While those elite, high-achieving students deserve to have a teacher qualified for the courses they need, other students -- very talented but less high-achieving -- also deserve highly qualified teachers. I believe Dr. McSwain was trying to help them by putting his traditional IB teachers in these roles.
HISD needs a procedure in place to fire or move unqualified teachers. Certainly a basic Chem 2 test for our daughter's teacher would have prevented McSwain from placing her into a position in which she had no chance of success.
Thank you for bringing the problems, previously only gossiped about, to light. If a fine school like Lamar has them, one can only imagine what other HISD high schools must be going through.
Thank you for running Wendy Grossman's insightful article about the current crisis facing Lamar's IB program. As a 1998 Lamar graduate who went through the program and achieved several higher-level certificates, I've been hearing the rumors and stories about the program being in jeopardy. Unfortunately, the article only confirms my worst suspicions.
During my senior year, which was also the first year of Dr. McSwain's principalship, the program was already showing signs of weakening. A few of the IB teachers had either resigned or had announced their intentions to do so. Some, when prodded by students, complained openly of the new administration, saying that it only cared about maintaining a public image, not educating the students. Some teachers were called into McSwain's office and were told that they were not "team players" and either needed to shape up or resign.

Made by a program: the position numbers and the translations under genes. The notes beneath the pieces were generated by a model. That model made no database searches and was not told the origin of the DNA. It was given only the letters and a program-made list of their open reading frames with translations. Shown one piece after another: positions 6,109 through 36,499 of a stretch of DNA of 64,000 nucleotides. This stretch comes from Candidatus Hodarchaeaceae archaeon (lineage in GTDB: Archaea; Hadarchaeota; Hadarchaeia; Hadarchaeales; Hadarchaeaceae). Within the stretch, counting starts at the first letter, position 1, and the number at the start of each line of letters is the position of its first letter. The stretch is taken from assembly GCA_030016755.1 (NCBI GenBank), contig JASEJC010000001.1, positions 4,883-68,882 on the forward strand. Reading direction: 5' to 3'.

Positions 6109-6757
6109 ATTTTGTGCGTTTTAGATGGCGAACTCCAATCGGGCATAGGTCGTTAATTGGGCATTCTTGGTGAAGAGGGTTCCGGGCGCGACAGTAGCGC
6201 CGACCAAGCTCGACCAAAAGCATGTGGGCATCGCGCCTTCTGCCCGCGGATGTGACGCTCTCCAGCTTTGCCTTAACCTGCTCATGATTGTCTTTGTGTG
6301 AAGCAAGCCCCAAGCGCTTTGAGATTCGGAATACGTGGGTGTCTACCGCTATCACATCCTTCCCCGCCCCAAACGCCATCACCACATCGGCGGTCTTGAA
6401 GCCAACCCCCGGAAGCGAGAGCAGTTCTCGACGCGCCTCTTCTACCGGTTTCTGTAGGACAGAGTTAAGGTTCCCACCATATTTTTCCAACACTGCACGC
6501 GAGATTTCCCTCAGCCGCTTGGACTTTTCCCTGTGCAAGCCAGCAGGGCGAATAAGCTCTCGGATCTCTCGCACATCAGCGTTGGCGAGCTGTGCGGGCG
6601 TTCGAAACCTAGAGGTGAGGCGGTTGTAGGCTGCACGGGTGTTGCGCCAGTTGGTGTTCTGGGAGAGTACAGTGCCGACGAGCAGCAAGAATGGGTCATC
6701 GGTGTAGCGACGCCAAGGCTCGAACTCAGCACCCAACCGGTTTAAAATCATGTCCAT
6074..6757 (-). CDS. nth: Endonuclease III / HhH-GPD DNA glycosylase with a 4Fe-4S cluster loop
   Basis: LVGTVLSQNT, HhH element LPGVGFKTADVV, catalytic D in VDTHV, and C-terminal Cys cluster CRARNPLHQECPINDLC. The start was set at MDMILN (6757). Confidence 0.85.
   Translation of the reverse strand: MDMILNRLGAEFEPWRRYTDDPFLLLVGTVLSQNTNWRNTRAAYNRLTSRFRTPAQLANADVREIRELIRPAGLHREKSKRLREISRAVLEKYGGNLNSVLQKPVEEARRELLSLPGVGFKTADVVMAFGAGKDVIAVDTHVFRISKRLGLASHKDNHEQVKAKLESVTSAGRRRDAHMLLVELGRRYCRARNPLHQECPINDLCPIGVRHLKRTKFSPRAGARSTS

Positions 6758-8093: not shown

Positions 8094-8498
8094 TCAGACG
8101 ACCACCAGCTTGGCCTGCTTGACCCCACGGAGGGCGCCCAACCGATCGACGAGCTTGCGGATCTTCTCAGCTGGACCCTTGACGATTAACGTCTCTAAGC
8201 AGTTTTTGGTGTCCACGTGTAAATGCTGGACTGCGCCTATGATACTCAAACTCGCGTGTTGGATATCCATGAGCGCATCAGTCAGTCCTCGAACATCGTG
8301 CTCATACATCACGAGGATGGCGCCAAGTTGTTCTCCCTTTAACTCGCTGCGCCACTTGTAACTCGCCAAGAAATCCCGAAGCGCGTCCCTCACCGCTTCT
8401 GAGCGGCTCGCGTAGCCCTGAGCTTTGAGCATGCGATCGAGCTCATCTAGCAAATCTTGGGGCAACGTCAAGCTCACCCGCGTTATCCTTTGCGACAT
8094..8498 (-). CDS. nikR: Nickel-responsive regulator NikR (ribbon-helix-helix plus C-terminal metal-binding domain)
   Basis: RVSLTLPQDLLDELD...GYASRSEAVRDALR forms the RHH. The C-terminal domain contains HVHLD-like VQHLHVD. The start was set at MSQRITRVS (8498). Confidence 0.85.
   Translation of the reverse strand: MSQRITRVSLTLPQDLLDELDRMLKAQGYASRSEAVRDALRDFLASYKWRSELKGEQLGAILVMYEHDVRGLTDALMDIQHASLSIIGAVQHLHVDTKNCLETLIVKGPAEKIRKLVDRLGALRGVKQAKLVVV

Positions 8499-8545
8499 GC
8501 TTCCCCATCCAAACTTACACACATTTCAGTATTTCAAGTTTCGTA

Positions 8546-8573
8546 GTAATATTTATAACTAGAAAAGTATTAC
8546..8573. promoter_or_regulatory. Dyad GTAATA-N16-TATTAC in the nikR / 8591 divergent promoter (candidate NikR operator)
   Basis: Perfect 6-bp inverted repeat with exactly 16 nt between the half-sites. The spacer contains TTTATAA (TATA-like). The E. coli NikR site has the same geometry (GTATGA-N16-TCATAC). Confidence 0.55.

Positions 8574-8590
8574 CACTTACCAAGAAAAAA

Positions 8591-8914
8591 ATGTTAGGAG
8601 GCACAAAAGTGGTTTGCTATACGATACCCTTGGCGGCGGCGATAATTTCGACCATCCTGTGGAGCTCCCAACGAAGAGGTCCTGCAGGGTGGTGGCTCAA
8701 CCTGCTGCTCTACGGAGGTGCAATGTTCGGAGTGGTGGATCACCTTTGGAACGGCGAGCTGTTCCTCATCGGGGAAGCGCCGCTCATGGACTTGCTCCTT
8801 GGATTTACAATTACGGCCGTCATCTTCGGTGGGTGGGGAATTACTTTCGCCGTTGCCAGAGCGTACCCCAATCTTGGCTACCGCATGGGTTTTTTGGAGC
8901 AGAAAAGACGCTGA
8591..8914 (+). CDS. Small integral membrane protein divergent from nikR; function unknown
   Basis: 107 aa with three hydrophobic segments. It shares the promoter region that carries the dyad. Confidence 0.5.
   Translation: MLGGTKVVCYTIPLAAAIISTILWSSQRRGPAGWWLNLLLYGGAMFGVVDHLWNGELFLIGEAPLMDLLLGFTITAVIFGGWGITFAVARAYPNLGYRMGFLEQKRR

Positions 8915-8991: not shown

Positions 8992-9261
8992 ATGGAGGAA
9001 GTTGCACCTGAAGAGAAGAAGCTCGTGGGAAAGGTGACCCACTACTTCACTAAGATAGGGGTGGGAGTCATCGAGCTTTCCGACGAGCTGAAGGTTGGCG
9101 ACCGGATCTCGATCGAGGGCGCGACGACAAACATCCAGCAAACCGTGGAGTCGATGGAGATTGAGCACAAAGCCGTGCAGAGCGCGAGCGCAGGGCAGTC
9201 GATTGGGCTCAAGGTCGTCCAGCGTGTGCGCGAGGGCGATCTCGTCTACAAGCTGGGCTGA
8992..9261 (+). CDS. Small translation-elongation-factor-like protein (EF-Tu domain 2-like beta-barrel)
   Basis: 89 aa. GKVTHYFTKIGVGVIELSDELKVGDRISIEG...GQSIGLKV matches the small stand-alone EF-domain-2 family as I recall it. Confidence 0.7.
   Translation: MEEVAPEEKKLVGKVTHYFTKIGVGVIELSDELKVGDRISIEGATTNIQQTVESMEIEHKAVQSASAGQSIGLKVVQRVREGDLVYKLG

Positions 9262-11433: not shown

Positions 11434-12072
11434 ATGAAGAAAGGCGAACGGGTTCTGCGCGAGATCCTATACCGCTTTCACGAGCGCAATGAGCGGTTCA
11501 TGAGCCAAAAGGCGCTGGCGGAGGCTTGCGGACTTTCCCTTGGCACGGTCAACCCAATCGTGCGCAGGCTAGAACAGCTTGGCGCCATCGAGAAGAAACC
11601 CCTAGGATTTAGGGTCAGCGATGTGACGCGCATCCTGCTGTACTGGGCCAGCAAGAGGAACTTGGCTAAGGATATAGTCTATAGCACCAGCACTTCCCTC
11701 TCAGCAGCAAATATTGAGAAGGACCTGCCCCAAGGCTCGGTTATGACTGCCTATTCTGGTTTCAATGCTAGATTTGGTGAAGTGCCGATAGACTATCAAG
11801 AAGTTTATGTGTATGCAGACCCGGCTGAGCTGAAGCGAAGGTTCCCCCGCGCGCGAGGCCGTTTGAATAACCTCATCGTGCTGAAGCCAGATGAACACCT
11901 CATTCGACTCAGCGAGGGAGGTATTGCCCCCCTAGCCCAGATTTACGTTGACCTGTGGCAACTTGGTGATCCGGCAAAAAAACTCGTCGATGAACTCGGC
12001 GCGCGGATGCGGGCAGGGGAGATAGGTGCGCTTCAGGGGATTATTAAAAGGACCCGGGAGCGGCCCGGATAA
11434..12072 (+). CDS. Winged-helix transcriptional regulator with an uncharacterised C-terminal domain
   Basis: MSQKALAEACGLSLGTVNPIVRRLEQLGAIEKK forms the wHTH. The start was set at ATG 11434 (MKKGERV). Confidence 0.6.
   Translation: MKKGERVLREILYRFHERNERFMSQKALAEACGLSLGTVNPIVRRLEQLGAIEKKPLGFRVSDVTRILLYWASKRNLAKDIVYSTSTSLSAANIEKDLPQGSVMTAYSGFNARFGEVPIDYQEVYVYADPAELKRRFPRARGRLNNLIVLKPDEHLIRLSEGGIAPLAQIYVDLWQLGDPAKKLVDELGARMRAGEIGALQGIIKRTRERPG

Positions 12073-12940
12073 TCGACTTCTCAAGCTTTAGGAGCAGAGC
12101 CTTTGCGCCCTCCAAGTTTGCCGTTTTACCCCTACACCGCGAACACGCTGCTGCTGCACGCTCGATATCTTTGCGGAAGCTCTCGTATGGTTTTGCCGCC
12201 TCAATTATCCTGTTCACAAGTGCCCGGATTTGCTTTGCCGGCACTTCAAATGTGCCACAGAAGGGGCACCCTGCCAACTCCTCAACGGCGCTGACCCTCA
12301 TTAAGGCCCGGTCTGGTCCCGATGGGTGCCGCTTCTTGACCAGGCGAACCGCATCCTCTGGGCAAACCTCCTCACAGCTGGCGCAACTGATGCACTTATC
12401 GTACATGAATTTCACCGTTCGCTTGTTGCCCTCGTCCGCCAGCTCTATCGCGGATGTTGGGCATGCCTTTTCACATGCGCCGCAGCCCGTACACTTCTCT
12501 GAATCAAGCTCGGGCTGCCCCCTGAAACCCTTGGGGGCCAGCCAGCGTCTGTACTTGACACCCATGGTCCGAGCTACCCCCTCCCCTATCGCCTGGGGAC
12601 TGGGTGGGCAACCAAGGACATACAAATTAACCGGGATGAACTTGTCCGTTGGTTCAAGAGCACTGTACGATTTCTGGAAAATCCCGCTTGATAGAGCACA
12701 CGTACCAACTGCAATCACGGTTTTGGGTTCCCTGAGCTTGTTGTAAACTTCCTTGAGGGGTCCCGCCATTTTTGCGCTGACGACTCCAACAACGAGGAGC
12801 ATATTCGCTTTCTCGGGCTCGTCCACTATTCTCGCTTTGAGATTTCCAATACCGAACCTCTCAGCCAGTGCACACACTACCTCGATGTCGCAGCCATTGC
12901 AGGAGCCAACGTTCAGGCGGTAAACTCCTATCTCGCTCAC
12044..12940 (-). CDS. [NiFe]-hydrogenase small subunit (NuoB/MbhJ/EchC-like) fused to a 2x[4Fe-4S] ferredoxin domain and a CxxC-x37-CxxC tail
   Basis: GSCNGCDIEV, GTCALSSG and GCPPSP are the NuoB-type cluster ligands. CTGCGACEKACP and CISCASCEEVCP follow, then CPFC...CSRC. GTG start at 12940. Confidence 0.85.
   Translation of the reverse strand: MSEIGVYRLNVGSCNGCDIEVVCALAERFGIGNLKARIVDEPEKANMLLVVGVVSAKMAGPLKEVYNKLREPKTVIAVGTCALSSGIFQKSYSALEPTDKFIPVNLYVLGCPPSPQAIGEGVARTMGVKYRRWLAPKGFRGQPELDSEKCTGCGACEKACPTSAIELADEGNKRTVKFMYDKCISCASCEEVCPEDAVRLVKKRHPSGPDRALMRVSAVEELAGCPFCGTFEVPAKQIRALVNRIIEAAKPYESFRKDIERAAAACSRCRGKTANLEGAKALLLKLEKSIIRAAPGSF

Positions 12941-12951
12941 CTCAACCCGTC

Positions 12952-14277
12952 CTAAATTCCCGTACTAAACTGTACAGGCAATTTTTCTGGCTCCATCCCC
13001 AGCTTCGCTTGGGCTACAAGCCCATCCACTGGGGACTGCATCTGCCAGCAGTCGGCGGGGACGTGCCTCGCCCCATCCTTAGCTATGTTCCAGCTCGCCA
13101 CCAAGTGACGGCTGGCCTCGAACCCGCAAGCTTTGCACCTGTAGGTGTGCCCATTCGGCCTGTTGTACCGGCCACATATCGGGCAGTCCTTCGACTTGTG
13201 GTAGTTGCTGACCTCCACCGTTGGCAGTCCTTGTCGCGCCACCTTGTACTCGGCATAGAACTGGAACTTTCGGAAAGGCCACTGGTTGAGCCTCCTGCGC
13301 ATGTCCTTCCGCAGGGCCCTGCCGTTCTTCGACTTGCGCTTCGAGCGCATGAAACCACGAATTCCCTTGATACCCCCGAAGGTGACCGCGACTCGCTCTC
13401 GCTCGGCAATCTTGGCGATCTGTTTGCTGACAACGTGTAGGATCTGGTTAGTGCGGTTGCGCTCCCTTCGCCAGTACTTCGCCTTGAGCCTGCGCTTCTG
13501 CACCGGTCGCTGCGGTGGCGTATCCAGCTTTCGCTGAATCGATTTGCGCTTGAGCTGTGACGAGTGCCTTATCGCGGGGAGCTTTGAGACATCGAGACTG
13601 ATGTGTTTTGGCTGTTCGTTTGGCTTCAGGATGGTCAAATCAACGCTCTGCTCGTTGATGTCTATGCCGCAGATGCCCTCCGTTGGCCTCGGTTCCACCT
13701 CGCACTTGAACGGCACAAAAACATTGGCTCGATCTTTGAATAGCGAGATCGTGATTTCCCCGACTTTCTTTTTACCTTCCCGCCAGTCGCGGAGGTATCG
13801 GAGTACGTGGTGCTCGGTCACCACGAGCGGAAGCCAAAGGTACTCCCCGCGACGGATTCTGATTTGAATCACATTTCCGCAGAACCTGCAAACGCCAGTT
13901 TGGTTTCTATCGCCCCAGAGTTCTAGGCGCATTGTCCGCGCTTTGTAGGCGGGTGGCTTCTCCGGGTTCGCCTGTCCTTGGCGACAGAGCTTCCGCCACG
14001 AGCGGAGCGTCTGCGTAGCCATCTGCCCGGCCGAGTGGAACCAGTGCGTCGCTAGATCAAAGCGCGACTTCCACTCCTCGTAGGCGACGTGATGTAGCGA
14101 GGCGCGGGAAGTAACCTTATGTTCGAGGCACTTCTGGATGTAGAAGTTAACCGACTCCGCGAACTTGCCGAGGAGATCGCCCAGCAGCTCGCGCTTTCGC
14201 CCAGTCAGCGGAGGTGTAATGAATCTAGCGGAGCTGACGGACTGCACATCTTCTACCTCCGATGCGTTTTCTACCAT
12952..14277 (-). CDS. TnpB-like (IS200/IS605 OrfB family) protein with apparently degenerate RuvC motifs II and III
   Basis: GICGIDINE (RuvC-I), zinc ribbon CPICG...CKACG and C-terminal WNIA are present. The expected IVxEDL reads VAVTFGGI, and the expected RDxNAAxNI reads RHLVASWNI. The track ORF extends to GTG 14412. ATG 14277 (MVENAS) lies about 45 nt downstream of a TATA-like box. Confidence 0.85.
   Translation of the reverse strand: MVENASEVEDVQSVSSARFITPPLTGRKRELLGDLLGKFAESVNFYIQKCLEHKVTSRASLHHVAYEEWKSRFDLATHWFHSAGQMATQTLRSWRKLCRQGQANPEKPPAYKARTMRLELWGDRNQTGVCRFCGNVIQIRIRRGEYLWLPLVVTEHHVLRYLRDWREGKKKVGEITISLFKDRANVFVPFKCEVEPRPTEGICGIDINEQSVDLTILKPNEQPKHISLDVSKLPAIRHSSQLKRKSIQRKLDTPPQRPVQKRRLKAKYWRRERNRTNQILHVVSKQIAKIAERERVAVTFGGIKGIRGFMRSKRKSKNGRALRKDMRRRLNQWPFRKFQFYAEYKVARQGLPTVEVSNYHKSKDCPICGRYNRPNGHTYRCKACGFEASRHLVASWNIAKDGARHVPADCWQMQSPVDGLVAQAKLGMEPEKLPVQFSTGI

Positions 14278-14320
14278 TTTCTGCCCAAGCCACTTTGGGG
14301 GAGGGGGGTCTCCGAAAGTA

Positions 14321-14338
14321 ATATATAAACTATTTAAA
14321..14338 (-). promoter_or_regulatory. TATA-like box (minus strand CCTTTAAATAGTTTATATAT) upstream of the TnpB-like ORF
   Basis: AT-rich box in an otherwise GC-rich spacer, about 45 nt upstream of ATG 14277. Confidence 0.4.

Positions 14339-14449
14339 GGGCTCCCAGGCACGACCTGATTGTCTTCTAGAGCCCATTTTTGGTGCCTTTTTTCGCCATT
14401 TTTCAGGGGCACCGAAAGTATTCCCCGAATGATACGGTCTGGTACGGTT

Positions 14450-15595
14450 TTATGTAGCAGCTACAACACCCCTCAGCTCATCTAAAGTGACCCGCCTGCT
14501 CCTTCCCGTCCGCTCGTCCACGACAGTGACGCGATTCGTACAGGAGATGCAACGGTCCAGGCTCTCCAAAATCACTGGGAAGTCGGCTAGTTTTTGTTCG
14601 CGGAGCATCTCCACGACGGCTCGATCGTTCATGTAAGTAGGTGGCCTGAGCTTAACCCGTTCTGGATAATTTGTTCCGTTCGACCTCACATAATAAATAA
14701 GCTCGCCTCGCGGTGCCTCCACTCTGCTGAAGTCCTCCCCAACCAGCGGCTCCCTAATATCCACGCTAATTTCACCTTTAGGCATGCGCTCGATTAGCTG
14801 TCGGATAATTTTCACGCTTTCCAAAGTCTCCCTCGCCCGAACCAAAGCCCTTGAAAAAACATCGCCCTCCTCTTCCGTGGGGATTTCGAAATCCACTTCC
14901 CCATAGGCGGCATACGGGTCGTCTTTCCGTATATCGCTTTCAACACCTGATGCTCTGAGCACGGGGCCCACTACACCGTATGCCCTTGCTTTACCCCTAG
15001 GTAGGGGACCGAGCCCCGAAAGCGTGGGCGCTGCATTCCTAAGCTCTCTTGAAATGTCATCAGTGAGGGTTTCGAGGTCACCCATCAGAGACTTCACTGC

I am greatly concerned with Jeff Shadwick's comment that "controls need to be placed on the program." His statement that the program "operated far outside any authority structure" is simply not true. Multinational structures are the backbone of the IB program. Any interference from local authorities could only cause harm to the program and to the stature of the school. Mr. Shadwick's comments only reflect the growing chasm forming between the educational wants and needs of the parents, students and teachers, and the bureaucratic wants of administration officials.
The mere existence of such a program in public high schools is a blessing to the American educational system and should be maintained at all cost.
What was the motivation of the Houston Press to publish an article that focuses on approximately 25 parents in a school with 2,800 students? The IB program is alive and well at Lamar High School. In the past, 20-25 Lamar students have received IB diplomas each year.
To strengthen and broaden the program, Dr. McSwain sent the IB Director, Dr. Carol Case, to Switzerland last spring. Case and associates also visited a school in Florida where approximately 100 students a year complete the program and receive the IB diploma. Two experienced teachers were named assistant directors to help with the program. The dean of academics and IB counselor were also sent to the training for administrators. This year the IB teachers have been attending training conferences on the subject matter they teach.